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  • Print publication year: 2006
  • Online publication date: March 2008

25 - Acoustics and Optics

from Part III - Dividing the Study of Nature
This chapter describes the major achievements in seventeenth-century acoustics and its relationship to music theory, with particular attention to the problem of consonances. According to the Pythagorean worldview, the essence of musical phenomena, indeed of all cosmological phenomena, consisted of numerical ratios. Vincenzo Galilei had some reasons that made him favor a more empirical approach to the science of music that reflected an approach to music theory more consonant with the Aristoxenian tradition. The development of optics after 1600 was one of dramatic empirical discoveries and theoretical innovations. Johannes Kepler extended the boundaries of prior optical knowledge to effect an optical revolution. The first optical phenomena that seemed prima facie to challenge this principle were the diffraction phenomena investigated by Francesco Maria Grimaldi and published in his Physico-mathesis de lumine, coloribus et iride. The refraction gave rise to the spectrum of colors, and Newton noticed something puzzling about the spectrum.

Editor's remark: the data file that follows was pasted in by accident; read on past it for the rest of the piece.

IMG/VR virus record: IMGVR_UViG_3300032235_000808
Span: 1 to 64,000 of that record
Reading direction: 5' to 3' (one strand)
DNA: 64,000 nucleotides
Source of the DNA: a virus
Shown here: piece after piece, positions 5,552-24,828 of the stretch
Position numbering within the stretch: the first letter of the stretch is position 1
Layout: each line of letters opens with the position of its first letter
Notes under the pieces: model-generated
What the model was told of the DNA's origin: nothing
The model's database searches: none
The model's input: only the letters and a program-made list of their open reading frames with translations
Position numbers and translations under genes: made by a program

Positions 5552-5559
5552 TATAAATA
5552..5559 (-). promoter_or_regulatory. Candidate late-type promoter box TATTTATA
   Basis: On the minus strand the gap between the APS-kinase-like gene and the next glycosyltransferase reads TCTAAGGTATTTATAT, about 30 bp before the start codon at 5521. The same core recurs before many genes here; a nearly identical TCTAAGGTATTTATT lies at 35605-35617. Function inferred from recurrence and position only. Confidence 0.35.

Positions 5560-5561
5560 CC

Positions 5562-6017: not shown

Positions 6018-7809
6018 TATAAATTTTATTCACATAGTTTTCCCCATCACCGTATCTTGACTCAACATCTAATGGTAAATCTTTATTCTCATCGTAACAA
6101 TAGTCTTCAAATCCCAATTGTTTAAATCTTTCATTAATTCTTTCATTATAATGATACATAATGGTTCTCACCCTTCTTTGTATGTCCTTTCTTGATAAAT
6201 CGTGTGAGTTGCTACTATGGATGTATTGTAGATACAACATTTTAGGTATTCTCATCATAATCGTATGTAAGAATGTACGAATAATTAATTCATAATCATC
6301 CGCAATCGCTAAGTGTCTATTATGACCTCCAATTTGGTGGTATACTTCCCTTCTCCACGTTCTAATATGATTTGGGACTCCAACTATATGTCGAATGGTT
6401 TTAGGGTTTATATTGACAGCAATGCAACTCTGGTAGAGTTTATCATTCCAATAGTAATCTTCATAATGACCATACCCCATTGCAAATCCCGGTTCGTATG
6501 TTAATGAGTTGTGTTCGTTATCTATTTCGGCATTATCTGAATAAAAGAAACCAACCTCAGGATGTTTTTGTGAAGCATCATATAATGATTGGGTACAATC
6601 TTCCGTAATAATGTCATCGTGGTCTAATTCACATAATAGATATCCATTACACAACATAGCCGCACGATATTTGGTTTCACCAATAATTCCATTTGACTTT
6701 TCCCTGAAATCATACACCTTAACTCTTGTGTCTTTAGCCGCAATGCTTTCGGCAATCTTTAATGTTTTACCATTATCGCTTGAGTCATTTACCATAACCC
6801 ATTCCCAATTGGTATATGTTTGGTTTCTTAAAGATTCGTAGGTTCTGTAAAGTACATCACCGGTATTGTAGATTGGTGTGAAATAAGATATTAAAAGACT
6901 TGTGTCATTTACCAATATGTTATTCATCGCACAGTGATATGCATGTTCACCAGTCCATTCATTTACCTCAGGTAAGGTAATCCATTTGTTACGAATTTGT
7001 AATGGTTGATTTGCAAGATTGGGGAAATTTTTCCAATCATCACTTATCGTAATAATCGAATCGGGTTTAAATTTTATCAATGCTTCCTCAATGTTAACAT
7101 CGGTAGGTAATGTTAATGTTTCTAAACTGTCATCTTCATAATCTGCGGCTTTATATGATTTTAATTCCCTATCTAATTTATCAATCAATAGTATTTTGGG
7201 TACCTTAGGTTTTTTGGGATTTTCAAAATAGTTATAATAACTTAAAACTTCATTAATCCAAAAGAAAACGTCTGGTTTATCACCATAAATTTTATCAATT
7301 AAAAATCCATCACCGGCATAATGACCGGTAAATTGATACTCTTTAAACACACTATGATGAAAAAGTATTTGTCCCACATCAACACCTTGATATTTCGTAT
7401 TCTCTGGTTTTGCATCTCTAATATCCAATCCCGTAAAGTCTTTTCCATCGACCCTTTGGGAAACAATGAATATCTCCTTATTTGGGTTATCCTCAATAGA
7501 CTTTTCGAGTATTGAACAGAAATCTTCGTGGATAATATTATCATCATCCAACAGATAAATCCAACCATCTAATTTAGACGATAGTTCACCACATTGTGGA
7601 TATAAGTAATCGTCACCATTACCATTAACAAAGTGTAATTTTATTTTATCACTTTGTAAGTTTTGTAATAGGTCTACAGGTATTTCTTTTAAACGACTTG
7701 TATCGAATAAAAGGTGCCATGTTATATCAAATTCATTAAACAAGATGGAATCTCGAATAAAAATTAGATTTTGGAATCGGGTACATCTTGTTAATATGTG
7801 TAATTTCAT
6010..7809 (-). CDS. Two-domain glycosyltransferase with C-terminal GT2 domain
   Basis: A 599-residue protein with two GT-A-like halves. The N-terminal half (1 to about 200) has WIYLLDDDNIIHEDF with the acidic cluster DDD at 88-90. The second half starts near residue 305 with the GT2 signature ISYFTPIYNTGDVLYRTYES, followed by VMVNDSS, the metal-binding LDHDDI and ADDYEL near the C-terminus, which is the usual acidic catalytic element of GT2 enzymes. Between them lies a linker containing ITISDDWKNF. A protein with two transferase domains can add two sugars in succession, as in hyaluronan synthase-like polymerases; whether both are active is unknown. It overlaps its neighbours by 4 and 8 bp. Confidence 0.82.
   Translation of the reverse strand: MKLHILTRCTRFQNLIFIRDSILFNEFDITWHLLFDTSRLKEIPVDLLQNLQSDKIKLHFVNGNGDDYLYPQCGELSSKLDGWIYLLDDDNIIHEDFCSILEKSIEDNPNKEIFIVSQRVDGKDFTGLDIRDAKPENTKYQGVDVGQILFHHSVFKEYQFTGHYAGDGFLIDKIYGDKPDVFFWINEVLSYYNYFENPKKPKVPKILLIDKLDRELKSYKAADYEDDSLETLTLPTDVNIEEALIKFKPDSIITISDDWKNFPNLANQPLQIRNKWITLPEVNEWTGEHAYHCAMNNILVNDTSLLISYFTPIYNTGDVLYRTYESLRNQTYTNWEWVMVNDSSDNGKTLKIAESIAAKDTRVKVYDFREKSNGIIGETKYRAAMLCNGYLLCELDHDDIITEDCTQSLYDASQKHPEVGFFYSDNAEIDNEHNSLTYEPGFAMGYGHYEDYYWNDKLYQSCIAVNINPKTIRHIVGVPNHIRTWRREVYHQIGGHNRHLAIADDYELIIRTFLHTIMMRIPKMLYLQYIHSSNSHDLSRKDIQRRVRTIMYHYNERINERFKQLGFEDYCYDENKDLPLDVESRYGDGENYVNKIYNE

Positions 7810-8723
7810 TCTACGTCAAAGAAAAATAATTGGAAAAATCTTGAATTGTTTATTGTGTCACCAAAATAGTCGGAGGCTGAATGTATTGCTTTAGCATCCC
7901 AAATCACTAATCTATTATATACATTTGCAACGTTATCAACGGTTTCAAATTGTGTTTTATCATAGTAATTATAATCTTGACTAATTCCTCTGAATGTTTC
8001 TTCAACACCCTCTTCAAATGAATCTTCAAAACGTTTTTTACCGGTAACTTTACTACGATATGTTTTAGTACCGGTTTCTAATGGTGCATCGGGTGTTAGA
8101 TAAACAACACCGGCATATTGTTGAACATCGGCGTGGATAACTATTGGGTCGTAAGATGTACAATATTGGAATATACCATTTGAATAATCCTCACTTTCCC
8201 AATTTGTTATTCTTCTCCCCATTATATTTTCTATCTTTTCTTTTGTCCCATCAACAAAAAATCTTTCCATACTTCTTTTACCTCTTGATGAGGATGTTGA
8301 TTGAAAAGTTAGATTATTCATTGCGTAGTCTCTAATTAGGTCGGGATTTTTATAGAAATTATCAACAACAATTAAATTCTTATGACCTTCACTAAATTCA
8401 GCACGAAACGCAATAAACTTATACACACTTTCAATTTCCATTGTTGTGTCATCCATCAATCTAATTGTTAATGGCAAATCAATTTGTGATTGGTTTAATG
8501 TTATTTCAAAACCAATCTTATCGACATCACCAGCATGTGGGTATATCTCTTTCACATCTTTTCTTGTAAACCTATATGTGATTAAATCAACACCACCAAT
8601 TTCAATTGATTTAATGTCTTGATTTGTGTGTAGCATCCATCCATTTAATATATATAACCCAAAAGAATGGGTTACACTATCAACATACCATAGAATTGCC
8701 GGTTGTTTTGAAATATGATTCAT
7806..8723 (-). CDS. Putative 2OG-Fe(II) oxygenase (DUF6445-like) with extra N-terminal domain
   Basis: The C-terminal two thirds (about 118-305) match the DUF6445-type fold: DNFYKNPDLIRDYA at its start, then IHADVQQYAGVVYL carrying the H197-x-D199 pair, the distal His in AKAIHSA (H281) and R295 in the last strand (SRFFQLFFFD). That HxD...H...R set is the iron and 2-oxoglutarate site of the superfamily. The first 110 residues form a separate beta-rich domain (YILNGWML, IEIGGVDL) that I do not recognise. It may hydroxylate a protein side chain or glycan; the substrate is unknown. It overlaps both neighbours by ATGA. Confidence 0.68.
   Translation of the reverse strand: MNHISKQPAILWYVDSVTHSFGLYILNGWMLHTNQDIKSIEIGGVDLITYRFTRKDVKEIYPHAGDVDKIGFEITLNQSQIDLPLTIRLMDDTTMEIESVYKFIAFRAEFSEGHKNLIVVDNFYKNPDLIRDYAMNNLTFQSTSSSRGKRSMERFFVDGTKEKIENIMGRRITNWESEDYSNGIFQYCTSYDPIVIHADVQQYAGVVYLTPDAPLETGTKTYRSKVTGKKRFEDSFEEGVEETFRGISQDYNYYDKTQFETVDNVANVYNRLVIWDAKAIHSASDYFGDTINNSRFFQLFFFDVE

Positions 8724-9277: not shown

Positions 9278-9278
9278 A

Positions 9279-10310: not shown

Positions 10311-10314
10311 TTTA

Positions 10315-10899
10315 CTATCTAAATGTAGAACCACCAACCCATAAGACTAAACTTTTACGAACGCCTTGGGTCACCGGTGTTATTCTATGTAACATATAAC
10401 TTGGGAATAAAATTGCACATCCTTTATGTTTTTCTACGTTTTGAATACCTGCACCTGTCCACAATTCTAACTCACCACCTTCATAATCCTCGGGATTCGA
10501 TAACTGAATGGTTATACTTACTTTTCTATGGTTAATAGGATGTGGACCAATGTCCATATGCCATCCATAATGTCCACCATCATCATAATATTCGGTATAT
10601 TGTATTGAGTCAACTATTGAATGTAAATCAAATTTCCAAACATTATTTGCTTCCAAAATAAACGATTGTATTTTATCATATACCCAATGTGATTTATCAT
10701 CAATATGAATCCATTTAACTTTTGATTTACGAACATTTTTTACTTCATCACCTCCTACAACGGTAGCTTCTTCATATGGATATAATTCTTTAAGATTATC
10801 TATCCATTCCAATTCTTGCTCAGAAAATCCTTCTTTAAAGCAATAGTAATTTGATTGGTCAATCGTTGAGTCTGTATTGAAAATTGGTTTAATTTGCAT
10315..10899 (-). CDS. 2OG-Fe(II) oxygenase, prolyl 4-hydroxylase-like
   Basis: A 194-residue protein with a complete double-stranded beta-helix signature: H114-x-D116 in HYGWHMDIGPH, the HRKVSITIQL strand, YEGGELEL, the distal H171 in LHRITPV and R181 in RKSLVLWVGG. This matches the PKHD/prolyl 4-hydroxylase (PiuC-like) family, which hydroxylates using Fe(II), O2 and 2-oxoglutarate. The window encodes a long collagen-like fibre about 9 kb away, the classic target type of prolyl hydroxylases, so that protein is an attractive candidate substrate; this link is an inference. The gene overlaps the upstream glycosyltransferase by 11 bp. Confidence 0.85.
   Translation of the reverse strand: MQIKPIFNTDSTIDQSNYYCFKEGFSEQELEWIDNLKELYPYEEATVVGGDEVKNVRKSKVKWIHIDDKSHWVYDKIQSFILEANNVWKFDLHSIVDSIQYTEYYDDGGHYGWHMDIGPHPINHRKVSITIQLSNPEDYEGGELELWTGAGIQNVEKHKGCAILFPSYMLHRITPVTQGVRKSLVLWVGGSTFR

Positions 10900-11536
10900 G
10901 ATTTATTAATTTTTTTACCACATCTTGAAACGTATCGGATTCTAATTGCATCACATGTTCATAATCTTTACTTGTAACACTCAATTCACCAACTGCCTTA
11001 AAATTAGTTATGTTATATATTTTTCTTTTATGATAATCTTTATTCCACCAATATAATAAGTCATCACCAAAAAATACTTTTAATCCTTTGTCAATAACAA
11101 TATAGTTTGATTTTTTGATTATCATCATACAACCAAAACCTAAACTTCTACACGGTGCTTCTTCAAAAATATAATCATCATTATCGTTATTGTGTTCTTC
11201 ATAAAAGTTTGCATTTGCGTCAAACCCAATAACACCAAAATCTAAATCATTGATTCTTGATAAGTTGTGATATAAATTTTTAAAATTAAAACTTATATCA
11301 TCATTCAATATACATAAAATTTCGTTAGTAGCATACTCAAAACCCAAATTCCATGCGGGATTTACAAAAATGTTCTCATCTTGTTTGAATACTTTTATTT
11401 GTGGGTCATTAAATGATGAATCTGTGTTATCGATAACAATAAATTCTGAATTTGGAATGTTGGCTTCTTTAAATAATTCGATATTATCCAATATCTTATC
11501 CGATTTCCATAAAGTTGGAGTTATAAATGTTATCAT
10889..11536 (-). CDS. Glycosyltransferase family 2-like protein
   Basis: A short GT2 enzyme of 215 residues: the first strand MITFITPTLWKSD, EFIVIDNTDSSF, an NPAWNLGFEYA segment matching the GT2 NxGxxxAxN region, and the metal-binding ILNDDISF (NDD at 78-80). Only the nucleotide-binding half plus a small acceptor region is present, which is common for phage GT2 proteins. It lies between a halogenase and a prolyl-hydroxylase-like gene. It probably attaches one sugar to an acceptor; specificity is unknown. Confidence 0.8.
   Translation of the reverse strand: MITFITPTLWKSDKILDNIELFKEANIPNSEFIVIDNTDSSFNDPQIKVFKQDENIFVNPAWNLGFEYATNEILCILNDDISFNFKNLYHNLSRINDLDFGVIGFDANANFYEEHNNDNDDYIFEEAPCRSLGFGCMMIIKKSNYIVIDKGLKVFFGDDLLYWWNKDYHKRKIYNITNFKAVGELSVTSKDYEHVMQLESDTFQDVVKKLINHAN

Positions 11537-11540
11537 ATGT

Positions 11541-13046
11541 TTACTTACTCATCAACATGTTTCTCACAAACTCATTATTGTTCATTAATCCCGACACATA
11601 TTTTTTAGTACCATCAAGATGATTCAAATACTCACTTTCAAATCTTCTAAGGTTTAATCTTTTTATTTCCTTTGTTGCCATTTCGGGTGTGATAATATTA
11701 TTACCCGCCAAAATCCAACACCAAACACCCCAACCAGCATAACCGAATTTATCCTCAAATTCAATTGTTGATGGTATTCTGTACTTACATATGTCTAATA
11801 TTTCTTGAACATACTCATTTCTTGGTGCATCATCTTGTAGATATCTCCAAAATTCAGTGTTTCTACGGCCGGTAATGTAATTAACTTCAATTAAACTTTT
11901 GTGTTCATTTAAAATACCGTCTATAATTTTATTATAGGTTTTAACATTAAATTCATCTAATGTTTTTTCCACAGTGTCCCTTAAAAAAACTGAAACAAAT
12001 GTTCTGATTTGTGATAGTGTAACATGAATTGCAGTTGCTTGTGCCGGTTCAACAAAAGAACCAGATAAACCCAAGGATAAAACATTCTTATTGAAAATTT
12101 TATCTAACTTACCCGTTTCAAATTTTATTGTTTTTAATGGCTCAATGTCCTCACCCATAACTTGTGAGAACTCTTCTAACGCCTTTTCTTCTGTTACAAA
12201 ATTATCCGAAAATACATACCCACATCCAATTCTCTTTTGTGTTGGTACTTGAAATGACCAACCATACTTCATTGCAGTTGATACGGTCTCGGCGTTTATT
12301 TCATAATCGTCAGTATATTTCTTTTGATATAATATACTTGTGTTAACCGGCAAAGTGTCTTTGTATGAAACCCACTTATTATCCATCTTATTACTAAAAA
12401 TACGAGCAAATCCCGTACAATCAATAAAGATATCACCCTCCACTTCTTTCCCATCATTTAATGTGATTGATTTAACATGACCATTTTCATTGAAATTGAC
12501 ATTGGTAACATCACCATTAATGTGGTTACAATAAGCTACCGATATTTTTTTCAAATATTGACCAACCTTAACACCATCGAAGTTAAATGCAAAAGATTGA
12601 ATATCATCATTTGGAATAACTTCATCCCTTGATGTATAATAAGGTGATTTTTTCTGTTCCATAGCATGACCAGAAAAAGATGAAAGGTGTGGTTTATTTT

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The Cambridge History of Science
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